one of the tricks which most impressed me was their realising that because the number of entries in the data structure was limited to quite a small number, they could shrink the index from 2^16 to 2^4, which left them 12 extra bits in the datastructure to cram with other data, thus reducing the memory footprint, and being able to load into the Extended Memory.

Kids today, really have no idea.

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Trollface

Sharper BASIC Skills

I'm not smart enough to make sense of the ignorance. I suppose that's why CIOs make the big $.

>“We continually hear that legacy web applications are the number one blocker to migration. When it costs millions of dollars to rewrite or replace a critical business application, migration projects invariably stall until a cost-effective solution can be found," the blog continued.<

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Windows

Get off the train to crazytown

The lock-in with XP was horrid, but what makes anyone think that migrating to another version from the same vendor is going to put them in a position to have continuous business operations? It's the software vendor's strategy to keep you on their platform with these incompatibilities, and it's working. They're not going to suddenly change that very effective strategy.

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They need to just suck it up and pay to get off these shit old apps. They made a huge mistake getting locked in by microsoft and when you make a mistake you gotta pay for it.

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Go

We love our XP ...

No STARTUP REPAIR, faster than Win 7 and simply operationally more reliable and able to stand abuse better.

IEnn? Just use it for XP upgrades.

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Anonymous Coward

Why choose Browsium???

Sorry, maybe I'm missing something here........?

We're being told to upgrade from XP/IE6 because of the end of support. We're told Browsium on Win7 is a great solution.............. yet its still running that IE6 unsupported code. So where exactly is the benefit?

Or did Browsium buy the IE6 source as well so they'll provide security fixes for the MS code going forward??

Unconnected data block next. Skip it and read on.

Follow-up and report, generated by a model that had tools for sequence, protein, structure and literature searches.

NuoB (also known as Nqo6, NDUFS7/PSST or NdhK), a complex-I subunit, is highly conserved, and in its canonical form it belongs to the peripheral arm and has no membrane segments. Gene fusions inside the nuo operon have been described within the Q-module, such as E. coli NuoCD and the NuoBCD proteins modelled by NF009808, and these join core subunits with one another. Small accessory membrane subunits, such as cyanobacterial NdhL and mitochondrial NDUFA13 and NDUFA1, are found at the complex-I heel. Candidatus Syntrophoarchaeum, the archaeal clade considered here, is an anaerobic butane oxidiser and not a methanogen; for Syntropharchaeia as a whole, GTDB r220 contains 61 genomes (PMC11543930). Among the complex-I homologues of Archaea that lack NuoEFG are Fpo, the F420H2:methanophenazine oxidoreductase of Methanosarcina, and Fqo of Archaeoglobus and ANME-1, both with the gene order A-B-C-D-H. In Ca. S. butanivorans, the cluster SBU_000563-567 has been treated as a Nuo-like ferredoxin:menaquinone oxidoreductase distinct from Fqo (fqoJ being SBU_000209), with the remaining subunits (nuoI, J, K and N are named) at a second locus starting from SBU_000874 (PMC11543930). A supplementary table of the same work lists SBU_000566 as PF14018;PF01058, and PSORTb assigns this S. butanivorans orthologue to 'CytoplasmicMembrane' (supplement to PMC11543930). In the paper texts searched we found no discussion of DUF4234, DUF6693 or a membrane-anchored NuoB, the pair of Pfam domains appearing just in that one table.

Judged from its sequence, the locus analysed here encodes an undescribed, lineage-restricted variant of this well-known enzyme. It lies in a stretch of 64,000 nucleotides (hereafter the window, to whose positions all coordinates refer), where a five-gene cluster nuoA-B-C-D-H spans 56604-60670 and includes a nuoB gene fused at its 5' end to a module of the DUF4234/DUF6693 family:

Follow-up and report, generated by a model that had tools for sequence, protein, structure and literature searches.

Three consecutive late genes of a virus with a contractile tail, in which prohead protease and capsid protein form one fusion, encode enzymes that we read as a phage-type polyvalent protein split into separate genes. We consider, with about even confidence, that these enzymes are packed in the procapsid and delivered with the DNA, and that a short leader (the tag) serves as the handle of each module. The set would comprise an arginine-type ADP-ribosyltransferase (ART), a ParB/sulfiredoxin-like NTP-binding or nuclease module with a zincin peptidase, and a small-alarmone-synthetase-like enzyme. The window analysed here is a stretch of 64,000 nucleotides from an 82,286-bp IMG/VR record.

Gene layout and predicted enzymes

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Anonymous Coward

Cost and reliability

When going from 3.11 through to NT 4.0, there was always a desire to update, simply because there were a number of major issues that rendered an upgrade necessary to fix these issues.

From a certain perspective MS shot themselves in the foot, XP for the most part worked.

As it lived for a relatively long time all the major issues were fixed and does 95% of what most users need.

Going to Win 7 or 8 gives little, if no productivity update, so you've effectively a zero benefit cost to the company.

Businesses won't update unless the support goes, 2014 I believe, but this is the only reason.

The main issue is cost, as some have stated above, the cost could be millions.

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Could you not..

Just run a local virtual machine and publish the app through that? Either by actually booting up the local VM or using the Windows 7 function to pass the App directly onto the Win7 desktop.

Fortunatly in my company we have the Devs still around to re-write any of those tricky browser based apps, even going as far as making them 64bit compatible. Started development on the Windows 7 image in November, now at about 80% rollout completion in the UK. The biggest slow-down has been users moaning that they will lose their saved music/photos etc which we're refusing to migrate.

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MJI
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How to survive with IE6

IE6 for when it is needed - everything else Firefox, my last XP work PC still has IE6 but it is nerver used

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TJ1
Stop

TCO

The implications of the lock-in to IE5/6/7 applications are that Microsoft's claims over that last decade or so that Window's total cost of ownership is less than its competitors need revising - upwards.

In the interests of balance and accuracy, of course!

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FAIL

Let this be a lesson

The question is, will any of these organisations learn?

They bought into MS and got locked into IE6, now a few years down the line they feel the pain. Had they written standards compliant apps in the first place instead of getting locked into proprietary technology, then migration would be simple.

And yet despite having been screwed so badly, i regularly see businesses deploying new applications that are locked into IE, perhaps version 8 this time. Will these people never learn? Sure IE8 might be up to date now, but if you place your trust in MS then you will face the exact same problem again in a few years time.

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Too expensive?

There is always going to be some cost, but it's not as if they haven't had enough years to do it in and spread the cost a bit. Large businesses expectation for Microsoft to continue support on an 11 year old OS and browser is a bit much I think.

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Big Brother

Bah, humbug!

I'm getting together a desktop computer with a swappable HD tray for the OS. It'll be able to run anything I want. Right now, it's running XP, because some old, familiar applications do not play nicely with 7. My Windows 7 laptop runs Firefox, Thunderbird, and Open Office. 7 broke many of my applications, and I'll not give Microsoft a second drink from my wallet for new ones. The laptop's virtual XP powers are there, and are used. Fortunately, there's only one of me -- even as I sit in a room with six computers.

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Anonymous Coward

It's worse than that...

http://www.telegraph.co.uk/technology/microsoft/9437703/Microsoft-Surface-tablet-launch-date-confirmed.html#disqus_thread